Insurance software solutions provider SilverBridge has introduced a Discretionary Time Off leave policy for its employees.
This has been designed to strengthen its position as an employer of choice focused on promoting a people-centric culture inside the organisation.
The policy replaces all forms of traditional leave and empowers individuals and the team in which they work to manage their responsibilities around the time they would like to take off. There is no limit to the amount of days an employee can take off. And instead of having a manager approve the leave, the team evaluates how best to organise themselves and plan accordingly in terms of business deadlines and deliverables.
“Many traditional HR practices were developed at a time when the workplace was substantially different from what it is today. If we expect our employees to trust us in terms of the strategic and leadership decisions, why should we not trust them with the work they are responsible for and the time they take off? There is nothing more senseless than a good employee missing an event in their child’s life because there is not leave available,” says Lee Kuyper, COO at SilverBridge.
While Kuyper says that any policy is open to abuse, SilverBridge has taken its direction from what has worked, and failed, in other countries implementing similar systems.
“The way we are doing this focuses on giving accountability to the teams within SilverBridge on how best to achieve their objectives. There is still an ‘approval’ before someone can take time off, but this has two fundamental differences from just having a manager approve leave.”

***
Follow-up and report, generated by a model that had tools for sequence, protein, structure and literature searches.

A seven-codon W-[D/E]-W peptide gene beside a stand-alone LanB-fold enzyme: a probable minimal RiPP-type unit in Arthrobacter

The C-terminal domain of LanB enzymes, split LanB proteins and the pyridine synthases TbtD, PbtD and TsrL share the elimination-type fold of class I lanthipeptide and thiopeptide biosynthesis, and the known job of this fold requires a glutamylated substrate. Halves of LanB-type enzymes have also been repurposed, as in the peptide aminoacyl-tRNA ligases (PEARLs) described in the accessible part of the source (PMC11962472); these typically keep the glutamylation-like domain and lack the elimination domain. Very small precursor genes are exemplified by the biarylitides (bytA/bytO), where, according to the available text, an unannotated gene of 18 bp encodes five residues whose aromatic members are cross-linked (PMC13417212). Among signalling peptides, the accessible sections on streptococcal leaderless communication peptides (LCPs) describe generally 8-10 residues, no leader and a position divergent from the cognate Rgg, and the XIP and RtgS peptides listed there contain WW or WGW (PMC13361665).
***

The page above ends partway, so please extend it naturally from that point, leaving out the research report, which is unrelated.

Firstly, the team decides whether the time off is possible given their collective objectives. This ensures they manage the impact of someone going on leave. Secondly, the mind-set with which this is approached comes from a perspective of how it can be made possible instead of how to police it.
“Like any other attitude or behavioural problem, it will be difficult for an individual to continually abuse the policy at the cost of the team if that team is able to deal with it. Although this Discretionary Time Off policy represents a big mind shift for a mostly traditional South African market, we believe that expectations of employees who want increased flexibility is becoming the norm. Rather than see this as a threat and try to fight against this, we choose to use it to our advantage.”
The policy builds on the existing wellness functions within SilverBridge designed to take care of its employees. These include counselling services, providing financial advice, offering Pilates classes, a Wellness Challenge, giving employees the opportunity to randomly select someone in the organisation to receive a cash reward (Buying Happiness), and an internal initiative (Awesome Projects) incentivising employees who come up with innovative ideas that help drive business success.
“We believe that if we have happy people working at SilverBridge that it will make our customers happy and ultimately make the organisation more successful.”